Ironically, however, since knitting is generally such a pleasurable and relaxing activity (except when attempting to knit lace after dealing with high schoolers all day), I can’t say that a full plate has pushed me to the point where I have to take a mental health day (as was the case with the whole dinner email), but a day off to finish knitting the following works in progress would be restorative. . . .

Sew buttons on baby sweater.  Sweater is newborn sized and my niece's baby is due September 15.  Wait . . . that’s tomorrow!

Finish necktie I'm making for a co-worker.  (He's paying me to do this, so I really should get cracking.)


Cast on another Brynn shrug, knit wildly, seam, block, take a picture, and submit to Rowan Ambassador contest by September 28.     (I have one made that's shown below but want to make one with yarn that's the weight suggested by designer.)


This is the Aran yarn the pattern calls for.  I
made the red shrug shown above with Rowan
Tweed, which is a worsted weight. 
Finishing sewing up my May Queen mouse.  The poor creature has been languishing in a drawstring bag hanging from a hook in my knitting nook.


Knit this scarf I started as a Christmas gift for one of my younger son’s teachers last year.  I created a design using the school’s initials. (I sewed the bag several years ago, when I was going through a bag phase.)


Keep knitting with this gorgeous Louisa Harding yarn.  I love this yarn (Willow Tweed) and the lace cardigan pattern (from the Little Cake pattern book), but put this work aside to knit baby gifts and my shrug.


Finish this sweater for a co-worker’s baby that is due in November.  This pattern is from 60 MoreQuick Baby Knits, a volume that is filled with cute designs using 200 Superwash Sport from Cascade Yarns.  I’m using the recommended yarn here and am happy with the results.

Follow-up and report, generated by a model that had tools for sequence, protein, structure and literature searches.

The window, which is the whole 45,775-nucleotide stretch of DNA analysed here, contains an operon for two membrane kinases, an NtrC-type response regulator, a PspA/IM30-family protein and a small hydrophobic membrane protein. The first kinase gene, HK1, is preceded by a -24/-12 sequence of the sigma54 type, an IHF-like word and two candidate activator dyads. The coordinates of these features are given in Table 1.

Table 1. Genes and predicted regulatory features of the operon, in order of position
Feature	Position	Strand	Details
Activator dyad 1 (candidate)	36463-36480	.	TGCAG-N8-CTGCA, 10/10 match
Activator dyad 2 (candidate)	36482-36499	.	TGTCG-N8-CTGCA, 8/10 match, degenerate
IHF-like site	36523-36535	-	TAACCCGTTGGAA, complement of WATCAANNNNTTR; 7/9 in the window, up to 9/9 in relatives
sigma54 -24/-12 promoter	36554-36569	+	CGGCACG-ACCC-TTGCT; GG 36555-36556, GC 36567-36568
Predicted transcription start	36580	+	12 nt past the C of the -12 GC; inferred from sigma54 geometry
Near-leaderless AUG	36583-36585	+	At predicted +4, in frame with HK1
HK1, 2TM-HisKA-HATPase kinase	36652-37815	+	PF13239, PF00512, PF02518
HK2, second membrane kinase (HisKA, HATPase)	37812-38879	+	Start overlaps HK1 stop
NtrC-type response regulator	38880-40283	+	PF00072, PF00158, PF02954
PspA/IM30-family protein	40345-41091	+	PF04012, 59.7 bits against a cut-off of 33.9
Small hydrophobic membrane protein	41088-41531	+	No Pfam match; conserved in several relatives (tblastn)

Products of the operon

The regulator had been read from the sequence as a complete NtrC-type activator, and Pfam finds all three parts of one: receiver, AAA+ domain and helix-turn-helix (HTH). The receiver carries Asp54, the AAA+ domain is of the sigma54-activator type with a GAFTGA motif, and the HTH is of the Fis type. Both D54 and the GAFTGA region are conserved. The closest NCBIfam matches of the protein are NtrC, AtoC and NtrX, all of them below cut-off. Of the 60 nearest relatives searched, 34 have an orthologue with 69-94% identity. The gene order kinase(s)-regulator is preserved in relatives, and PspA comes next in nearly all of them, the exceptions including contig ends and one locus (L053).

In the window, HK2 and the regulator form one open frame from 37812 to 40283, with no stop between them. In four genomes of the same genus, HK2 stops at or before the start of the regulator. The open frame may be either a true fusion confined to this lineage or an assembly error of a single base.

Monday, September 10, 2012

Southern Seasons

I just have a little bit to cast off, and then I'm done.  Then it's on to making another shrug, this time with the heavier
weight Aran yarn the pattern calls for. 

This past Saturday, I went to my local knitting store, Cottage Yarn, to sit and work on my Brynn shrug for a while.  A sale was in progress, along with a free class, so the shop was busy, but there was a comfortable chair available, so I sat down and chatted with a couple of other women.  What a pleasure it is to find company in this manner, without having to play telephone tag, without having to compare school or work or family schedules to eke out a few mutual free hours for a get-together.   Visiting with like-minded companions without having to lay the groundwork of planning and mapping out is a rare pleasure in the jam-packed life of a modern working mom. 

After my brief respite, however, it was on to my younger son’s first football game.  There I sat on hard bleachers, sweating from the heat.  (The expanding piece of wool knitwear that lay on my lap as I worked my needles certainly added to my discomfort, but I couldn't resist the chance to use my time seated in a productive manner).  My son’s team won the game, and, despite having been sick and missed several practices, he was able to play some, so the day was a cheerful one.  Moments after the game ended, a forceful afternoon rainstorm began, but, luckily, my knitting project was in a plastic tote bag, so I was drenched, but the tweed stayed dry.  (I do have my priorities in order.)